Understanding and Applying Exam Analysis Analysis has three important through. 1. stages: 1) interpretation. 2) methodQ!QQY.and 3) follow-

Interpretation is the fundamental step of analysis. It is the stage in which we translate and interpret statements and questions into terms that have meaning for us. Interpretation is the process in which we ask. "What are they telling me? What are they asking me to do?" Questions and instructions give us vital information and knowledge. The interpretation stage of analysis is when you decipher. determine. and comprehend exactly what is being stated and asked.

2.

Methodology is the planning stage of analysis. It is during methodology that we decide on the best course of action. It is also where we map out our strategy and attack. Combining stages 1 and 2 of analysis. we see that. during interpretation we determine exactly what is being stated and asked; in methodology. we utilize our knowledge to determine the best and most efficient way to give the test-makers what they want. .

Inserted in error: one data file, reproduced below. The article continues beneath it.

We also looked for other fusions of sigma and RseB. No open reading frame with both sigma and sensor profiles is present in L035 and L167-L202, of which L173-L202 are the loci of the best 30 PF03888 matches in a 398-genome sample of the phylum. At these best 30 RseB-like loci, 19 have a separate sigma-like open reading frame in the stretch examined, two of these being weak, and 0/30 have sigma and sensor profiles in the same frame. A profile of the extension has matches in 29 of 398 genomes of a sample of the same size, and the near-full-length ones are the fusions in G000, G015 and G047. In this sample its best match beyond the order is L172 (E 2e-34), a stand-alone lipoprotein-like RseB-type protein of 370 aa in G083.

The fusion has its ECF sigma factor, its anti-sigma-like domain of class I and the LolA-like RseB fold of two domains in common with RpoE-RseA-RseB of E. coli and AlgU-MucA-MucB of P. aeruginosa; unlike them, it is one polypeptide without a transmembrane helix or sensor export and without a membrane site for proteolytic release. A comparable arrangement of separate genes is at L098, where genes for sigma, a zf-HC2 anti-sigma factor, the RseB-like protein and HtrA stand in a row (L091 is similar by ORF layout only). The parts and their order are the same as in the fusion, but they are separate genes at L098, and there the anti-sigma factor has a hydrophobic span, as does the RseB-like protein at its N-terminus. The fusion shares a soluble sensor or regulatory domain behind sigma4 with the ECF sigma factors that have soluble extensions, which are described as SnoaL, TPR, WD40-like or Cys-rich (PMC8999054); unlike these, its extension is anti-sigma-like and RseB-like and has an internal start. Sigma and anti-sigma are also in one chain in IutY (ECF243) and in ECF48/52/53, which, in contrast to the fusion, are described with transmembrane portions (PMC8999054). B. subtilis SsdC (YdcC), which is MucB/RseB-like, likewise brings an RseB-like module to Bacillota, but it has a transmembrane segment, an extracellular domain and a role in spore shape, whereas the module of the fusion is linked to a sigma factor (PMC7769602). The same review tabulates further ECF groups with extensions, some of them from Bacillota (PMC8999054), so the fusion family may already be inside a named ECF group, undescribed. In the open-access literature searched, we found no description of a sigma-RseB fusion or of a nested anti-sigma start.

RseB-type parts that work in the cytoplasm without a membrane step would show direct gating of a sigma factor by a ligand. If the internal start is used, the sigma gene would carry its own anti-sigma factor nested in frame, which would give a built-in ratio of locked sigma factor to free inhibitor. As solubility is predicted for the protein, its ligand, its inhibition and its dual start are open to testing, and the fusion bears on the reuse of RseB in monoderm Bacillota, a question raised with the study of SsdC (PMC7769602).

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3.

Follow-through is the "action" stage of analysis. Stage 3 is where we use our knowledge to do what must be done. It is where we answer the question. choosing the best answer. In other words. it is only after interpretation (the "What" stage) and methodology (the "how" stage) that we come to follow-through (the "do" stage).